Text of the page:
lack of intelligence. People who do this are obviously homophobic, and are trying to find a person to unload their hatred onto.Calling him untalented is one thing, considering music is subjective, but a "faggot" is unreasonable for any singer.

I suspect many people despise him for being another "Disney pop"
singer as well, which he is very far from. Despite some collaborations
with Miley Cyrus, Bieber is almost like the anti-Disney teenage pop
star. He didn't come from a background of a famous family or being a
child actor. He started his career off inadvertently by just posting a
video on YouTube. That is the definition of DIY (“do it yourself”).
Even though he hit it big from association with other pop musicians,
he was never rigged to become a sensation in the way that The Jonas
Brothers or Cyrus were with their backing by Disney. Furthermore,
instead of opting to collaborate with other teen pop stars, he goes
for the jugular of the music industry by seeking out artists like
Kanye West and Raekwon to be on his songs so that his music goes beyond what one would find on the average kid-pop song.

All in all, Justin Bieber will continue to make music for a long time.
It's very hard to tell at this point how huge his popularity will
become, but it's safe to say that people will continue to insult him
for a long time. Bieber's music career has obviously just started and will continue despite people thinking it's over when he hits puberty. Time will tell how much of a lasting impact he will have, but I'm sure it could be a pretty big one.



by John Hill

Harry Potter Review

Saving the world from a crazy nose-less dictator can get pretty difficult when one is full of teenaged angst. Opening on November 19th, “Harry Potter and the Deathly Hallows Part 1” gives a rather large, two and a half hour taste of the last chapter of the eight-part film. 
Picking up where the story left off, the film begins as the six others do, during the summer. But this time around, no one is reading the potions textbook or brushing up on their spell casting, but packing up to leave, not for Hogwarts, but for good. Some are moving for the safety of their families and some are literally erasing themselves from home all together. Emma Watson portrays the muggle (non-magical human)-born witch, Hermione Granger, with just the right amount of emotion to make any fan weak at the knees and tear up at the eyes.
Another moving performance is put on by redhead Rupert Grint who plays the part of Ronald Weasley. His facial expressions allow to audience to sense his angst, jealousy, love and true happiness.
The movie follows the trio in their journey of destroying the third of the six known horcruxes, while looking for the rest. Hermione brings Harry and Ron to various woods that hold dear childhood memories. The beauty of the wintery landscapes is captured by the excellent cinematography; the bright, white snow helps set the pure, chilling mood.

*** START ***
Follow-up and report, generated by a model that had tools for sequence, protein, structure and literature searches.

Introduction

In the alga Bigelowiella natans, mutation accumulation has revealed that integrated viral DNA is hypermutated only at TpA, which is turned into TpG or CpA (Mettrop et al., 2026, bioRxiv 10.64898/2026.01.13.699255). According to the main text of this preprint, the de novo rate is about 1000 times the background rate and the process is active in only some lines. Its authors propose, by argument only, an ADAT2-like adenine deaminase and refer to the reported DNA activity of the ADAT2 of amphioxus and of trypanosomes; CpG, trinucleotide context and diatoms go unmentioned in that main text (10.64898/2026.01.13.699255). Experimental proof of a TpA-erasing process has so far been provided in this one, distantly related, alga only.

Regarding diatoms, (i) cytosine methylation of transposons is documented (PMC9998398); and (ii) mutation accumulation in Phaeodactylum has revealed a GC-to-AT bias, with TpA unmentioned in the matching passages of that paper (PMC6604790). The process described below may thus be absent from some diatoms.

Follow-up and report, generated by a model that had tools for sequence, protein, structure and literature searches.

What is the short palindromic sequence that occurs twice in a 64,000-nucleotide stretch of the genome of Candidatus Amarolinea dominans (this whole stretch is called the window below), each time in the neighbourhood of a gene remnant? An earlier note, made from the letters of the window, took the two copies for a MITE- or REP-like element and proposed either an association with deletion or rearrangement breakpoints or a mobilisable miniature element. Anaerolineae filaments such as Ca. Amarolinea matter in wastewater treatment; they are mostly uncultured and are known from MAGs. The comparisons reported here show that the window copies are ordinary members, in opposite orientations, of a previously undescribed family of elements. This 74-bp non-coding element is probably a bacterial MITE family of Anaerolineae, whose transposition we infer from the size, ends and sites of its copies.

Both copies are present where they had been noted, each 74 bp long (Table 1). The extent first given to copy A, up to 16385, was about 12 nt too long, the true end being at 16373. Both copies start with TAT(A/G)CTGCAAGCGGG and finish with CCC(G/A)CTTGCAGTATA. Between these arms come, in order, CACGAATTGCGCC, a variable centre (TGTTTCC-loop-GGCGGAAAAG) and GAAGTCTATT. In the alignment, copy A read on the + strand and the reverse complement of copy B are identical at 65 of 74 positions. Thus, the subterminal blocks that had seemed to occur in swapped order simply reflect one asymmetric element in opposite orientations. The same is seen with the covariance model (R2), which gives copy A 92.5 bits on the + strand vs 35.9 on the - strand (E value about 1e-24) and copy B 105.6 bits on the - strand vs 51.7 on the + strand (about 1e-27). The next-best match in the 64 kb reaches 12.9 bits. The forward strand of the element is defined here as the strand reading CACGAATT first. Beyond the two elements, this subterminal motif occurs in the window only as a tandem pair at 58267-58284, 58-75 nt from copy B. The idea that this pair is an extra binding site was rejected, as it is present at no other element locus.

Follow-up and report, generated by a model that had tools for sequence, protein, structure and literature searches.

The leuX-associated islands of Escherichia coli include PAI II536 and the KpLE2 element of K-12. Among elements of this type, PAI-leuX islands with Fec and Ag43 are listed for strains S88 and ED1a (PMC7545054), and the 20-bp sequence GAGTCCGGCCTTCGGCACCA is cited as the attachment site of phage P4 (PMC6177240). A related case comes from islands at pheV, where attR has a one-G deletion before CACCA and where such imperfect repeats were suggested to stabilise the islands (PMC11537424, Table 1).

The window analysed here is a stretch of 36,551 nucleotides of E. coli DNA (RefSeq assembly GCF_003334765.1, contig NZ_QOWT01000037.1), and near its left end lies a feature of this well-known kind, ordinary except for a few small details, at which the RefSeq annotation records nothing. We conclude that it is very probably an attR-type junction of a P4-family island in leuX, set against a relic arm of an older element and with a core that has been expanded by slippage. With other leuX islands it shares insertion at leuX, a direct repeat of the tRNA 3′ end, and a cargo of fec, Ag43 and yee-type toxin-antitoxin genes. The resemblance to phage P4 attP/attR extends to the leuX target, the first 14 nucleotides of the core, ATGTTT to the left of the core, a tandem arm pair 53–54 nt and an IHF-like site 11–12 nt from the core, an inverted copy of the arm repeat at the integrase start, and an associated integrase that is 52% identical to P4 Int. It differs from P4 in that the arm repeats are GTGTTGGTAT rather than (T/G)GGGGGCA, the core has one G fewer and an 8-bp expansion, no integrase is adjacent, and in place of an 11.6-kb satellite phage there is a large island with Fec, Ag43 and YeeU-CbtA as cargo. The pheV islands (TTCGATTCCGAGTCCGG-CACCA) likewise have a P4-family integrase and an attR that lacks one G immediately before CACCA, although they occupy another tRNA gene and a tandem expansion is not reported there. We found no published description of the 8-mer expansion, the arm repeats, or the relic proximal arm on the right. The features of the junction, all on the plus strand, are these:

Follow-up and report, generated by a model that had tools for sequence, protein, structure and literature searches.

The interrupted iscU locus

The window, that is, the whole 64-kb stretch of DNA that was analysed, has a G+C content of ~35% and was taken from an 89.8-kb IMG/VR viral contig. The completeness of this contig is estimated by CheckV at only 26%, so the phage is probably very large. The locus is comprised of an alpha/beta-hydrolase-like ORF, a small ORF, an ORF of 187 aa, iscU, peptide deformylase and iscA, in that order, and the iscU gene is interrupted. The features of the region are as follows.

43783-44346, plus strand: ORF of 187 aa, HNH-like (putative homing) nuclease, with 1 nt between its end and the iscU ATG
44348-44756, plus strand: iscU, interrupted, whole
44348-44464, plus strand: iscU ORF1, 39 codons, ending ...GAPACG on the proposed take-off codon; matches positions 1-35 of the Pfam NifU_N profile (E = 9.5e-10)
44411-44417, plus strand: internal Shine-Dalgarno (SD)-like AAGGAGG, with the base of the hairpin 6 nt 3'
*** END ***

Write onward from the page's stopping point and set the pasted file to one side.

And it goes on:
Based on J.K. Rowling’s Harry Potter and the Deathly Hallows, the movie leaves little detail out but puts too much emphasis on certain scenes. Some parts of the film have audiences drift in and out of attention. On the other hand, the peaks of action keep the viewers interested and engaged. All in all, the film did a terrific job transforming the book into a film. Look out for “Deathly Hallows Part 2” and final installment to the Harry Potter franchise this July.



by Tiffany Do

Facial Cleansers

            Going through puberty can bring many disturbances to the teenage body, with the most common one being acne.  It’s quite easy for a person to get acne but sadly it is very difficult to get rid of it. The first step to clearing your skin is knowing your skin type, which acne products suit your skin type and how to use the product.


If your skin dries out easily you have sensitive skin.

Products that work well on sensitive skin are:

  • Aveeno’s Clear Complexion Cream Cleanser- $8/ 5oz
  • Yes To Tomatoes Facial Wash- $10/ 3.38oz
  • Clean and Clear Morning Burst Shine Control- $7/ 8oz


If your forehead, nose, and chin area (commonly known as the T-zone) is oily but your cheeks stay smooth and soft you have combination skin.

Products that work well on combination skin are:

  • St. Ives Green Tea Scrub- $6/ 4.5oz
  • Clean and Clear Blackhead Scrub- $6/ 5oz
  • Clean and Clear Exfoliating Scrub- $5/ 5oz


If you are prone to breakouts you have oily skin.

Products that work well on oily skin are:

  • Clearsil’s Acne Clearing Scrub- $8/ 5oz
  • Clean and Clear Morning Burst Shine Control- $7/ 5oz


Products that do not work well are products from Neutrogena because they can replace your pimples with tiny scratches.


Recommended Procedure:

First, cleanse your face with your skin type’s recommended cleanser. Second, use a toner that does not have any alcohol in it and is oil free like Loreal’s Oil Free Toner costing around six dollars. After 15 minutes, you should moisturize your skin to prevent it from drying out. Recommended moisturizers are Olay Active Hydrating Original costing from five to ten dollars and Garnier Nutritioniste Moisture Rescue Refreshing Gel Cream costing around ten dollars.


*Note: Skin type is hereditary. 

*Tip: Smell the product before you buy it to make sure you can stand the scent and won’t have a problem using it.




by Shirley Zhu